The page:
Paracetamol (or acetaminophen) is a common analgesic, a drug that is used to relieve pain. It can also be used to reduce fever, and some kinds of headache. This makes it an antipyretic, something that reduces fevers. It is used in many drugs that treat the flu and colds.
The words acetaminophen and paracetamol both come from the names of the chemicals used in the compound: N-acetyl-para-aminophenol and para-acetyl-amino-phenol. Sometimes, it is shortened to APAP, for N-acetyl-para-aminophenol.
Harmon Northrop Morse was the first to make Paracetamol, in the year 1878. Drugs made with Paracetamol became common in the 1950s. Today, these drugs are some of the most used, together with those containing salicylic acid or Ibuprofen. In the year 1977, Paracetamol was put on the List of Essential Medicines of the WHO.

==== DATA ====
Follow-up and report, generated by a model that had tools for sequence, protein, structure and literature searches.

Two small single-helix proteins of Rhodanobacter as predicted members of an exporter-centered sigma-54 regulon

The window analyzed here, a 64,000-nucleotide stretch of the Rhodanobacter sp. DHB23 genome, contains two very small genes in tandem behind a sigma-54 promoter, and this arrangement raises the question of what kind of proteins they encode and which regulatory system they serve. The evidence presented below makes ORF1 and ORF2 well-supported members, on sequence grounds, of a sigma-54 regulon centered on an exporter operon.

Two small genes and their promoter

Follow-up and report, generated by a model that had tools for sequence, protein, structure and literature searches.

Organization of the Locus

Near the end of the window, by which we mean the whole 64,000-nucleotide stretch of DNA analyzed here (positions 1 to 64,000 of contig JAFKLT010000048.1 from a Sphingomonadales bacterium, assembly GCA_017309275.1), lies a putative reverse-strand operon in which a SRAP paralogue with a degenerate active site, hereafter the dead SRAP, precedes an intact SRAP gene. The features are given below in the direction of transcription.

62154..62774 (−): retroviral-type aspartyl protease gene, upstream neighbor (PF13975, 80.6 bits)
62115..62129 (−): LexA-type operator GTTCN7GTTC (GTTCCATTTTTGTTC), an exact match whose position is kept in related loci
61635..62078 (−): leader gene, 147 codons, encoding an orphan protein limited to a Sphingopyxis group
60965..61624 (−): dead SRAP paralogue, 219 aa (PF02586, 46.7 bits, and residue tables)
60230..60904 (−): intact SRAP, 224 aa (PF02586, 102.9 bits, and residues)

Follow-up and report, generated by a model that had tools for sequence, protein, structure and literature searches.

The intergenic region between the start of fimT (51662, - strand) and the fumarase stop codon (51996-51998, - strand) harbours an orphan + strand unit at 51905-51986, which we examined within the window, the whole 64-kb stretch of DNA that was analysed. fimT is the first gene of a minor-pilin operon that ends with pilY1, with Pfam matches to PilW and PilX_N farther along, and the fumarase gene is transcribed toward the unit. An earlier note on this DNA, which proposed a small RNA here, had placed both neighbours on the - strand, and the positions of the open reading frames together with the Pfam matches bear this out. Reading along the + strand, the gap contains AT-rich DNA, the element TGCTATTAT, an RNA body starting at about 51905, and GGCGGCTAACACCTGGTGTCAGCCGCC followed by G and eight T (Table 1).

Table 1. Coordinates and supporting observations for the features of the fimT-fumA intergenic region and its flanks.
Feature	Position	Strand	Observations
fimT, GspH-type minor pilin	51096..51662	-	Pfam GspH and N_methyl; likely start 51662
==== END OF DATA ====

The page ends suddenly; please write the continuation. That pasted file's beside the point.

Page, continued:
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Julius Axelrod (pictured) and Bernard Brodie demonstrated that acetanilide and phenacetin are both metabolised to paracetamol, which is a better tolerated analgesic.
Paracetamol Facts for Kids. Kiddle Encyclopedia.